- n. A female given name, popular at the turn of the 20th century.
- Short form of names of Old English origin beginning with Ethel-, æþel ("noble"). First used in the 19th century. Cognate to the Germanic Adela and Adele. (Wiktionary)
“Frankly, when people think ethics, the name Ethel O’Shea doesn’t usually leap to mind, as you might well imagine.”
“Phred has had his Windows washed, and everything reinstalled; Ethel is getting the same treatment.”
“Maybe the name Ethel should be changed to ... something else. "”
“So, anyway, my wife Ethel is just talking with this Russian guy, and she just happens to blurt out that the American fission bomb is based on an imploding-sphere design with synchronized explosive charges placed in a regular, radial pattern along the outside of the sphere.”
“C2H5 (ethyl, perhaps a pun on the name Ethel), C2H5OH (ethanol),”
“In case you haven’t met her, Ethel is an amazing, fun and fascinating woman.”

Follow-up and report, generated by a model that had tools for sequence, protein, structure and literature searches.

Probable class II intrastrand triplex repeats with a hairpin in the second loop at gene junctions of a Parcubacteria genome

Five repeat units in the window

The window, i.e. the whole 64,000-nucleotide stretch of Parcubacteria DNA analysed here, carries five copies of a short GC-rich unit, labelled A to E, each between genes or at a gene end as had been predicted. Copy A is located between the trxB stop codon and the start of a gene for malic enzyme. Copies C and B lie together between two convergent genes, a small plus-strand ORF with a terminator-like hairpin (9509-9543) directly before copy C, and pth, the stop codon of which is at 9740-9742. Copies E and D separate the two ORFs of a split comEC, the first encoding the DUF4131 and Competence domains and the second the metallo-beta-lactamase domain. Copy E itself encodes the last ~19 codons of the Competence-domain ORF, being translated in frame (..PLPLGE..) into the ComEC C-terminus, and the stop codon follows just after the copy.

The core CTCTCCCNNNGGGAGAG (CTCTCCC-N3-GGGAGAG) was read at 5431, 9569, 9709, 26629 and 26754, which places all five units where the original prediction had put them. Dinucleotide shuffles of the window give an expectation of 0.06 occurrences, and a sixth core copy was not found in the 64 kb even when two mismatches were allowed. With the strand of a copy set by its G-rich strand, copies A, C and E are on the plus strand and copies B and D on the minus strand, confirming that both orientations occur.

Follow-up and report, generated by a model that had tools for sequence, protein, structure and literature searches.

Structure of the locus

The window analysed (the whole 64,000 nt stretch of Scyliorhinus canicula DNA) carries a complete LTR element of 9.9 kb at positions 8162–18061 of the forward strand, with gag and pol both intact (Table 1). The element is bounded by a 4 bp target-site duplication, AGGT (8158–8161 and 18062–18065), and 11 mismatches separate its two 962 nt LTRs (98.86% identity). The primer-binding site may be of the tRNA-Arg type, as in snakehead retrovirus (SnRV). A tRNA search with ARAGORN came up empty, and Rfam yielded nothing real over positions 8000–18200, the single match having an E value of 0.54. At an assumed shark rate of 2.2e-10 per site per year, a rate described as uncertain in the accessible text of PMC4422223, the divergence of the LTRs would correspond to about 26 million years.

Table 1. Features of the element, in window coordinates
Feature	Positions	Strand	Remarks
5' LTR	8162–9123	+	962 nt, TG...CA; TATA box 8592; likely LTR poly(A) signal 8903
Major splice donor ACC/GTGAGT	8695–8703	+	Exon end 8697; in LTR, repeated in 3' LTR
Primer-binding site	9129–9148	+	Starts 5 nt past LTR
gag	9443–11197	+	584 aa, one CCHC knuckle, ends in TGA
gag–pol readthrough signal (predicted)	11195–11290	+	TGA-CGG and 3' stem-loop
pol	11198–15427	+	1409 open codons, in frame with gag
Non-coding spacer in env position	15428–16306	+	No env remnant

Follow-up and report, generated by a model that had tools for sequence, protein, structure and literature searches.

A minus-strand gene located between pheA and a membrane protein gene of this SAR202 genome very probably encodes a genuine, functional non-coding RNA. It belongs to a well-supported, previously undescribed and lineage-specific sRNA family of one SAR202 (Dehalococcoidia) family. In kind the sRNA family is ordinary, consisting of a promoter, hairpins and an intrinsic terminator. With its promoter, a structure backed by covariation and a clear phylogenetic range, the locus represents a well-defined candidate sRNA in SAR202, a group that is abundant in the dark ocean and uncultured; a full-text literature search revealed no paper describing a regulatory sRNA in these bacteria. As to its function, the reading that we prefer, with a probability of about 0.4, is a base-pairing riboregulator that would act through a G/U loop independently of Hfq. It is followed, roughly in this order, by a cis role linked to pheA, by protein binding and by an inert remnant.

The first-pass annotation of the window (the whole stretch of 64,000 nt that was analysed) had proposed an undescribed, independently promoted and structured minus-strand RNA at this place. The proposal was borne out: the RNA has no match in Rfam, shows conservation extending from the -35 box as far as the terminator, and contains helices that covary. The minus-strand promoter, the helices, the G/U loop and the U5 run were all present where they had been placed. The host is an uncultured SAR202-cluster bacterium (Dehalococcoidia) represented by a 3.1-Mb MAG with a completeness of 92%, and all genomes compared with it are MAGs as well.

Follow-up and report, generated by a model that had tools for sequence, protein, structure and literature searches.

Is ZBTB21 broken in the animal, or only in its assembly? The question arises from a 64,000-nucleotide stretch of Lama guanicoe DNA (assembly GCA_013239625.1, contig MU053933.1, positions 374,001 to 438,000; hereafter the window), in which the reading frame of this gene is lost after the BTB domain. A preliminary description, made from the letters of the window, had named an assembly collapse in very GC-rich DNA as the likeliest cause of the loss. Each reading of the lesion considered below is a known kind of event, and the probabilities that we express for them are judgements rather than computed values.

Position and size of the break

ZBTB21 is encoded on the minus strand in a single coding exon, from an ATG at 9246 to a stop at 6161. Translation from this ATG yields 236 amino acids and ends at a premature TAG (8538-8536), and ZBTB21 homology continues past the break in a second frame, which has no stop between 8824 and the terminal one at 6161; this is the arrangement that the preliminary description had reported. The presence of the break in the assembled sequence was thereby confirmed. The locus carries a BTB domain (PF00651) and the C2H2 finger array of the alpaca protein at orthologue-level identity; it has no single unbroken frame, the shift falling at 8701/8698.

“The electoral register lists everyone living in the Denton area eligible to vote and I'm damn sure that anyone called Ethel and Wilf have got to be of voting age.”
“Let's make her middle name Ethel" may elicit an obvious groan or just a polite shaking of the head.”
“(We couldn't bring ourselves to call Ethel) Nice distraction: The "Pretty in Pink" - era pics of her and her husband Rich (he looked like Spencer Pratt then), as they embarked on baby-making, barely out of their teens.”
“A few weeks after the first case, another patient, a young woman called Ethel Longoria, was just as terrifyingly ill as the first patient.”
‘Ethel’ hasn't been added to any lists yet.
Looking for tweets for Ethel.